Fukien Tea (Carmona microphylla)
Originating in southeast China, the Fukien Tea is an evergreen tree named after
the province of Fuijan. The leaves on this tree are small, shiny, and dark
green, covered with tiny hairs. Together, the leaves form a dense and compact
appearance. As a young tree, the Fukien Tea has light brown bark that begins to
crack with age. Then in the early summer months, this
bonsai produces beautiful but
miniature flowers, which then turn to tiny black berries.
Keep in mind that the Fukien Tea is not tolerate with temperate regions.
Therefore, it would need to be grown indoors as a bonsai all year round.
Unfortunately, the Fukien Tea is both difficult to find and to grow. However,
for bonsai enthusiasts who enjoy a challenge, this would make an interesting and
The Fukien Tea tree needs good, direct sunlight with about one hour of outdoor
sun daily. For this, we recommend only morning or late afternoon sun when the
rays are not as harsh. Temperatures for the Fukien Tea should be maintained
between 59 and 77 degrees. Now, if you take the Fukien Tea outdoors in the hot
summer, you want to be very careful how you bring it back inside. We suggest you
place it first on the deck or patio where temperatures are somewhat cooler, and
then indoors to avoid shocking the tree. The Fukien Tea also needs humidity,
which can easily be provided using a humidity tray..
You will want to feed this tree every other week from spring to fall, and then
in the winter, monthly. Because the Fukien Tea has such dense foliage, you can
prune it in the desired shape without having to use a wiring technique. However,
as long as the tree is healthy, you can perform a hard pruning at any time. To
propagate the Fukien Tea, you want to sow seeds outdoors when ripe and in the
summer, you can use softwood cuttings.
The Fukien Tea is virtually trouble free from insects and disease. The only
thing you might notice is the color of the leaves turning yellow when the soil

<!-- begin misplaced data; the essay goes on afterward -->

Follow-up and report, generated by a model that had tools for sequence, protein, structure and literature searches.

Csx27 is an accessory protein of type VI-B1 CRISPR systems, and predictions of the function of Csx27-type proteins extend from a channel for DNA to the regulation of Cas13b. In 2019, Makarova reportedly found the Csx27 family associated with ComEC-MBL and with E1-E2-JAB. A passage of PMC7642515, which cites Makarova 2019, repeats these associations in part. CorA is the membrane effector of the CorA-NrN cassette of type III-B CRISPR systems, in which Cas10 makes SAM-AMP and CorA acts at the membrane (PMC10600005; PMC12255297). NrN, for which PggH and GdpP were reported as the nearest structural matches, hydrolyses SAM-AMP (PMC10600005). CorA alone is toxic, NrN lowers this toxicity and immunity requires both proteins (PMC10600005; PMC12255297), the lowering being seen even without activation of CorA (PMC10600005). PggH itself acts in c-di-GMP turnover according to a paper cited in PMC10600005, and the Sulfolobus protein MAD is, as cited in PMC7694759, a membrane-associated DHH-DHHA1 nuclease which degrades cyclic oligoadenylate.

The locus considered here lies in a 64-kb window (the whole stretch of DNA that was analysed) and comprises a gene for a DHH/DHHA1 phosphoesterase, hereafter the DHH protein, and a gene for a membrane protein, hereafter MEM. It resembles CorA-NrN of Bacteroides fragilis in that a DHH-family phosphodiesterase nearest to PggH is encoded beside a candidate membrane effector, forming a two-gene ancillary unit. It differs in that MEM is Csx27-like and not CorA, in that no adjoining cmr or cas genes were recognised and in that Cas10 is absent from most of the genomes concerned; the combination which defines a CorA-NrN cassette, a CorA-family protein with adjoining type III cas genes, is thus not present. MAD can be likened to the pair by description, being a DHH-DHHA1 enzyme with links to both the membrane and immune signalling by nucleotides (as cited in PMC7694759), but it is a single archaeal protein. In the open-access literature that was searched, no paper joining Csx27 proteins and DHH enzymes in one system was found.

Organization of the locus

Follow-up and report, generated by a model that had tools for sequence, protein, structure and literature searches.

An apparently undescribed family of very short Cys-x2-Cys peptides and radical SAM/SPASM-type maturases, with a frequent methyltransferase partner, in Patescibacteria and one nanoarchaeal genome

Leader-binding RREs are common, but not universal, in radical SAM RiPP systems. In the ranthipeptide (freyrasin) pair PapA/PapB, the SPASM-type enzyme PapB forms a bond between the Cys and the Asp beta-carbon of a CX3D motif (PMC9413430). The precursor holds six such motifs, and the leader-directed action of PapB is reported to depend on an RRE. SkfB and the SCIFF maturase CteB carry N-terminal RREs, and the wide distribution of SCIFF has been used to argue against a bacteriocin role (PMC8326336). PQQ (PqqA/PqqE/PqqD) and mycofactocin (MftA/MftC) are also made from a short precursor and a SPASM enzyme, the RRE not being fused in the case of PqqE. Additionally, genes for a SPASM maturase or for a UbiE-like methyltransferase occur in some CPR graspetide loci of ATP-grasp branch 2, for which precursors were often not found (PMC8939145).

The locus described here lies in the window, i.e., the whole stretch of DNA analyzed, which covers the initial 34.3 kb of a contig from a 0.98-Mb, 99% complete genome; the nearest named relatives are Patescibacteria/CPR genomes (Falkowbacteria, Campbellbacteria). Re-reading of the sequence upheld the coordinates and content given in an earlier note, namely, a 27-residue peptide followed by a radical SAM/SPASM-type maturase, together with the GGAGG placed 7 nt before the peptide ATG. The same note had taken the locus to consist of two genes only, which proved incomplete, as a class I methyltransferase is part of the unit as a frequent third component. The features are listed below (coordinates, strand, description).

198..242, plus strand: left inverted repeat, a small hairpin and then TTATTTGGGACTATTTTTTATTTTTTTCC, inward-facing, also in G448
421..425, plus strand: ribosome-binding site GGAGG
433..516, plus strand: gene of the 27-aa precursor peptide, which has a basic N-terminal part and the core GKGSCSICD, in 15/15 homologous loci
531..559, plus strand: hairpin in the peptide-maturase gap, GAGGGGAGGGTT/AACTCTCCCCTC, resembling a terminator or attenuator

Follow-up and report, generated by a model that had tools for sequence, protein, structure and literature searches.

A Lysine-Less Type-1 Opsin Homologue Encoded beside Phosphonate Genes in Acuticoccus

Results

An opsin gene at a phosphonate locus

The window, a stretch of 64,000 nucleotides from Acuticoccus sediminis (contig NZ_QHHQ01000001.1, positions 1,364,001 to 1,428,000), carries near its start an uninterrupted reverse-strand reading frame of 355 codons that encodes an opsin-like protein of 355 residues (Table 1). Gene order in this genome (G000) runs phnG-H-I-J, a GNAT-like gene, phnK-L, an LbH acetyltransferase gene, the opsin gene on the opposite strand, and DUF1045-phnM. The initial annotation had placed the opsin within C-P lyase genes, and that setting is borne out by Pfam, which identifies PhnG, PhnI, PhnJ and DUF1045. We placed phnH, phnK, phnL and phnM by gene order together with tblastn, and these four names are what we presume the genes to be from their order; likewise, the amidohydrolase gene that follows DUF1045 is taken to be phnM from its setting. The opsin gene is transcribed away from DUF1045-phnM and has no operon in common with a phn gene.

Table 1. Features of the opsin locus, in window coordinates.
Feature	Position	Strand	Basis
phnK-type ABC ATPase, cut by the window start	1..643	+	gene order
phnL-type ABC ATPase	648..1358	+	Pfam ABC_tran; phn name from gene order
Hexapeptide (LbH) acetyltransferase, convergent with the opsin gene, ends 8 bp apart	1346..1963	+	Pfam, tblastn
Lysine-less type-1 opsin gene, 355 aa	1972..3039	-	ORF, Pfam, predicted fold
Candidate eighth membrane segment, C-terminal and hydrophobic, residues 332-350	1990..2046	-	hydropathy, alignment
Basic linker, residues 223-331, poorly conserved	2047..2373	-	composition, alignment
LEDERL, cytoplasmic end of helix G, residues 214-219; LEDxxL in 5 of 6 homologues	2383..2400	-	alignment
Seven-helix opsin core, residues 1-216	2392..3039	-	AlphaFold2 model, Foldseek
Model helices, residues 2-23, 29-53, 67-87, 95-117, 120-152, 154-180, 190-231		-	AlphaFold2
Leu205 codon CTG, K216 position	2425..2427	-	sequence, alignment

gets too much water. For repotting, keep in mind that most Fukien Tea comes from
China in clay. Therefore, this causes compacting, meaning the tree would need to
be replaced with a basic bonsai soil mix. The key here is to replace the clay
with soil gradually, avoiding unwanted
stress. We recommend the bonsai
be repotted every two years in the spring as you see new growth. Finally, you
can use literally any style of the Fukien Tea, regardless of size.
This particular ficus bonsai likes to be placed in bright indirect light. In the
winter place your Ficus in a bright east, south or west window. Your plant
should receive anywhere between 4 to 6 hours of indirect sunlight (less wont
kill it, it just prefers this amount).
Watering - If you mist this particular ficus bonsai twice daily, then
your ficus will reward you with aerial roots dropping beautifully from the
branches. Other than aiding your ficus with aerial roots, the watering
guidelines here are pretty self-explanatory…water when the soil appears dry! Be
sure not to let the soil fully dry out. Water slowly and thoroughly, pouring the
water over the soil not to disturb it, until the water runs out of the holes in
the bottom of your pot.
Temperature - Try to maintain a temperature between 60 to 70 degrees F.
Make sure that your ficus retusa bonsai is kept away from drafts (hot and
cold) and never put it outside when the temperature drops below 40 degrees
Fertilize - Your ficus bonsai tree does not have a lot of soil in its
pot, so it needs your help for nutrition. I prefer to Fertilize with an organic
or all purpose fertilizer every other week with half of the recommended
strength, and during the winter I withhold fertilizer.
Prune - To prevent die back, prune only when the tree is actively
growing. Trim back the new growth to the desired size; but be aware that your
plant needs some of the new growth to survive.
Re-Potting - Ficus retusa likes to be repotted in the hottest part of
summer. The tree is not particular in what type of soil it is potted as long as
it is a well draining mix.